3420 Walnut St, Philadelphia, PA, 19104 (map).


Friday, November 16, 2018

9:00 – 9:30 am Coffee and Registration

9:30 – 10:00 am Welcome and Opening Remarks

Constantia Constantinou, H. Carton Rogers III Vice Provost and Director of the Penn Libraries, University of Pennsylvania

Nicholas Herman and Lynn Ransom, University of Pennsylvania

10:00 – 11:15 am Session I: Challenging Media Hierarchies

Presider: David Kim, University of Pennsylvania

Laura Weigert, Rutgers University

Arras, B.M. MS 697: Painting, Illustration, and the Intermediality of Fifteenth-Century Visual Culture

Sonja Drimmer, University of Massachusetts Amherst

When an English Manuscript Is an Italian Printed Book

11:15 – 11:30 am Coffee

11:30 am – 12:30 pm Workshop I

Presider: Amey Hutchins, University of Pennsylvania

Frédéric Elsig and Carmen Decu Teodorescu, University of Geneva

Intermedial exchanges and connoisseurship: recent results for 15th- and 16th-century French painting

12:30 – 2:00 pm Lunch

2:00 – 3:30 pm Session II: Narrativity

Presider: Dot Porter, University of Pennsylvania

Alexandra Green, The British Museum

Manuscripts and Wall Paintings in 18th-19th Century Burma: Offering, Narration, Text, Presence

Christine Sciacca, The Walters Art Museum

Serial Imagery in Ethiopian Painting

3:15 – 3:45 pm Coffee

3:45 – 5:00 pm Session III: Case Studies, between the Exceptional and the Representative

Presider: Katherine Tycz, University of Pennsylvania

Bryan C. Keene, The J. Paul Getty Museum

Authorship, Anonymity, and Attribution in the Archives and Art Historical Scholarship: Case Studies of Italian Painter-Illuminators, 1300-1500

Roger S. Wieck, The Morgan Library & Museum

French Renaissance Artist Jean Poyer: An Assessment

Saturday, November 17, 2018

9:00 – 9:30 am Coffee

9:30 – 10:45 am Session IV: Community, Technique, Practice

Presider: Sarah Reidell, University of Pennsylvania

Nancy Turner, The J. Paul Getty Museum

Technical markers for cross-media exchange: communities of practice and the painter-illuminator in fifteenth-century Italy

Nandita Punj, Rutgers University

Mathen Artistic Expression and Bikaner: Manuscripts, Social Mobility and Identity

10:45 – 11:15 am Coffee

11:15 – 12:30 pm Workshop II

Presider: Will Noel, University of Pennsylvania

Stella Panayotova and Paola Ricciardi, The Fitzwilliam Museum, University of Cambridge

Intermedial Exchanges: Integrated Analyses of Illuminated Manuscripts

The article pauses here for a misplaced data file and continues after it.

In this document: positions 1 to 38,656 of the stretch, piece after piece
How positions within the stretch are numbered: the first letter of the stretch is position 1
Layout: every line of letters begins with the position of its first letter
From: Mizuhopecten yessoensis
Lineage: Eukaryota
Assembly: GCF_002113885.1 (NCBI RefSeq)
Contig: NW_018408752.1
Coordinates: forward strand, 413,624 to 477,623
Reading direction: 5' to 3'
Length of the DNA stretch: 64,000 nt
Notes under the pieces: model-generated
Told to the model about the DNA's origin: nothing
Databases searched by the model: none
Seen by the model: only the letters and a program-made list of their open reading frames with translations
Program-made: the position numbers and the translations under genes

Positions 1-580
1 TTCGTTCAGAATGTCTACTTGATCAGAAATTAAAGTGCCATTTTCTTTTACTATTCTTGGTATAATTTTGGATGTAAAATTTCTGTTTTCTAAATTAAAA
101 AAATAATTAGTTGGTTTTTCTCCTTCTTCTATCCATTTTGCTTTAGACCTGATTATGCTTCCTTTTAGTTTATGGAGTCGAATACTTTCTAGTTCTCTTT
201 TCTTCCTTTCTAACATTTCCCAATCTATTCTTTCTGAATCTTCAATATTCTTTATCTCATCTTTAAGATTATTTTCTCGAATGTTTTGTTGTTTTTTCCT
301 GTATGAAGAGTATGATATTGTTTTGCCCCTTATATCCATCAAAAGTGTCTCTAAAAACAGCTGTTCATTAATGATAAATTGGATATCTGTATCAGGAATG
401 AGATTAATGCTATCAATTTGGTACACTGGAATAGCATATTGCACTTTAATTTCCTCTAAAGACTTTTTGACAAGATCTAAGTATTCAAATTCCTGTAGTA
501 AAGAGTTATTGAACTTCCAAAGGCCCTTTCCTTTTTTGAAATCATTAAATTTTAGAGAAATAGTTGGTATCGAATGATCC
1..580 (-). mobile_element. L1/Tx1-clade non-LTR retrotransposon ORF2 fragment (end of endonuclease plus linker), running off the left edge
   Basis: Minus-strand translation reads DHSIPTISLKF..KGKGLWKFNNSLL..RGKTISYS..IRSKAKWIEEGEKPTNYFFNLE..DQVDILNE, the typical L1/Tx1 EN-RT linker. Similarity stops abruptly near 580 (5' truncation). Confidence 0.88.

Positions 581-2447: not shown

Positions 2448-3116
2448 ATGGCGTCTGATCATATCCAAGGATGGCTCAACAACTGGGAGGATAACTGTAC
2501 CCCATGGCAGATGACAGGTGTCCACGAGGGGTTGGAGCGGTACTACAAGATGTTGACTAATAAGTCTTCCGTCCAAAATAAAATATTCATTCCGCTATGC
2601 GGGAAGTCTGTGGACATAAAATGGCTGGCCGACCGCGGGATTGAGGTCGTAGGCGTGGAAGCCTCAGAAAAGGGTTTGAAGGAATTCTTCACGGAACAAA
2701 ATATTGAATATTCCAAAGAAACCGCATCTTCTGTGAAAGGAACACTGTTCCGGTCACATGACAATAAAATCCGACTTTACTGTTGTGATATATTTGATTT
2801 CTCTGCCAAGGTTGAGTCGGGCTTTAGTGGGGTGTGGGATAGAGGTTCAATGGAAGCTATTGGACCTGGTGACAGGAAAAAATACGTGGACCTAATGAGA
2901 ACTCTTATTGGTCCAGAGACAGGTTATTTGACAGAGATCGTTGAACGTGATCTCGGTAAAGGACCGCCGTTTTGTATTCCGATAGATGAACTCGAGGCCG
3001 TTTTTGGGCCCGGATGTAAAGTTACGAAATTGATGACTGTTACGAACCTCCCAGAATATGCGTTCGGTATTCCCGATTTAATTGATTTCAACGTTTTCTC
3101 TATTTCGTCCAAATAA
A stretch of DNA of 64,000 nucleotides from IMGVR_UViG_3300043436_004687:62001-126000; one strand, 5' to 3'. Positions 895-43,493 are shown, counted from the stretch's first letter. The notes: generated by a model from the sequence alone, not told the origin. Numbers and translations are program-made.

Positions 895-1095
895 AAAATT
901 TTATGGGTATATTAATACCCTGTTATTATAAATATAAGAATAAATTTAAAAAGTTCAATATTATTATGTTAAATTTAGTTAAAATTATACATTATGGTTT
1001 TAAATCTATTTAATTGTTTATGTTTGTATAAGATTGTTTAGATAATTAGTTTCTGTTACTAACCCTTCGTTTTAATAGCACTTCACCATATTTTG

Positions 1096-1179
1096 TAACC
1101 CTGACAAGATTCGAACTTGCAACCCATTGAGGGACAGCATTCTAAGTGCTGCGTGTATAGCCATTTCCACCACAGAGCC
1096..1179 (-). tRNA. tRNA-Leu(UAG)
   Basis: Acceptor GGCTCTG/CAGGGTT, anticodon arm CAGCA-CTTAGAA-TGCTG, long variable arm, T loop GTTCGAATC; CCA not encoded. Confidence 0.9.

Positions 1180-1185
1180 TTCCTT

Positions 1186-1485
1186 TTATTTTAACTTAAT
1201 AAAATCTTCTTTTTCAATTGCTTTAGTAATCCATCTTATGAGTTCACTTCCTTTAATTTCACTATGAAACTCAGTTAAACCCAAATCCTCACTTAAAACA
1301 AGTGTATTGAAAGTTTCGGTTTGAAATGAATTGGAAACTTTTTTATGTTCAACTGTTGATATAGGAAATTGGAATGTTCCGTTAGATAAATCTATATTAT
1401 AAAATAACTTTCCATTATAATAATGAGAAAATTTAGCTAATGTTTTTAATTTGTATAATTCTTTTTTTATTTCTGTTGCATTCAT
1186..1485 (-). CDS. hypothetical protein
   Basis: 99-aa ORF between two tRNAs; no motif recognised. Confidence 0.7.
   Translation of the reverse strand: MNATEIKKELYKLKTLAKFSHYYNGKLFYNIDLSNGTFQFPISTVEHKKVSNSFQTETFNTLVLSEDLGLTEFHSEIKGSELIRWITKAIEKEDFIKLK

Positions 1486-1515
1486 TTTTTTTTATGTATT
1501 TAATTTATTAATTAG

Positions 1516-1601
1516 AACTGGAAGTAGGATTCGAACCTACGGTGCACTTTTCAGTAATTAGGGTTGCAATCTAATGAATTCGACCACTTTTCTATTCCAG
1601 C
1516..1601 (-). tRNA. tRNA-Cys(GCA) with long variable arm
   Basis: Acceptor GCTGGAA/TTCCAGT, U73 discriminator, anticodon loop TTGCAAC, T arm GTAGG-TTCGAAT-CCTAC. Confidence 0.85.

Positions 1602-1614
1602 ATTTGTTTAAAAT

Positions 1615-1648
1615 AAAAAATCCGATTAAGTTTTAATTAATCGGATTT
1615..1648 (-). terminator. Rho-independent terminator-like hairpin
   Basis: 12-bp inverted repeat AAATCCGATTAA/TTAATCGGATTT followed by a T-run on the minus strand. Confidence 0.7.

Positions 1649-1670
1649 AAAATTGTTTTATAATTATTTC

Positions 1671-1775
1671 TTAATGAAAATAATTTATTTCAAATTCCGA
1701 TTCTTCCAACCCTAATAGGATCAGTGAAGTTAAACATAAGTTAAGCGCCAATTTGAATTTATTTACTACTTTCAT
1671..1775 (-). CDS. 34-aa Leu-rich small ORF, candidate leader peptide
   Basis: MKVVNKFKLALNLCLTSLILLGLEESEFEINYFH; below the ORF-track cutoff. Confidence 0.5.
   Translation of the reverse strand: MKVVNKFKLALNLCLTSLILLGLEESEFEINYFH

12:30 – 2:00 pm Lunch

2:00 – 3:15 pm Session V: Ornament across Media and Time I

Presider: Elly Truitt, Bryn Mawr College/University of Pennsylvania

Renata Holod, University of Pennsylvania

A 6th Century Hijri/ 12th Century CE Qur’an Copy at the Penn Museum: From Original Layout to Its Use Through Time

Benjamin C. Tilghman, Washington College

Ornament, Space, and Christological Intermediality in an Anglo-Saxon Psalter

3:15 – 3:45 pm Coffee

3:45 – 5:00 pm Session VI: Ornament across Media and Time II

Presider: Robert Ousterhout, University of Pennsylvania

Shreve Simpson, University of Pennsylvania

Medallions in the Margins: the Free Library’s Lewis Oriental ms 1

Georgi Parpulov, Independent Scholar

From China to Byzantium: The Origins of “Flower-Petal” Ornament

5:00 – 5:30 pm Final Discussion and Comments

5:30 – 7:00 pm Closing Dinner Reception

Exhibition & Catalogue: Four Remarkable Manuscripts from The Middle Ages (Les Enluminures, NYC, Paris)

Screen Shot 2018-09-19 at 9.56.04 AMLes Enluminures will present a special exhibition and catalogue at Les Enluminures New York from October 17 to 23, 2018. It consists of four books that are remarkable survivals of what people read in the Middle Ages – the finest of medieval Bibles (the greatest text of Western civilization), one of the oldest Books of Hours (the most famous medieval manuscripts of all), biography (the unique legend of an Anglo-Saxon princess), and the history of Troy (the oldest chivalric story in European history).

These are all manuscripts unknown on the market for at least eighty years. One of the four was last described in print in 1588; the others were last catalogued for sale in 1909, 1932 and 1938 respectively. All are richly illustrated, with a total of 133 miniatures between them, as well as hundreds of borders and illuminated animals and grotesques. Some of the finest artists of the period were responsible for the miniatures, and at least two of them likely issue directly from the greatest of European courts.

The exhibition will debut at Les Enluminures New York, from October 17 to 23.

Following this, the display will be the highlight of our booth at TEFAF New York Fall (October 27 – 31) and then travel to Paris for exhibition at Fine Art Paris (November 7 – 11)

A lavishly illustrated publication accompanies the exhibition, with Introduction and Catalogue by prize-winning author Christopher de Hamel, and Preface by Founder and President of Les Enluminures Sandra Hindman.

Symposium: Winchester, Early Medieval Power and Faith

Screen Shot 2018-09-19 at 9.35.28 AMA one-day symposium dedicated to exploring the great churches of Winchester at the time of the Anglo-Saxons and Normans.

Saturday 20 October 2018

9.30am – 5.00pm

The King Alfred Conference Chamber, Guildhall, Winchester, SO23 9GH

Join historians, experts, and enthusiasts at this one day symposium exploring the great churches of Winchester at the time of the Anglo-Saxons and Normans. This symposium will cover everything from grand church architecture, manuscript studies, Anglo-Saxon folklore, and early Norman politics and relationships with Winchester.

Register by 1 October and receive the early bird price of only £55.

For more information, please visit https://www.hampshireculture.org.uk/winchester-early-medieval-power-faith.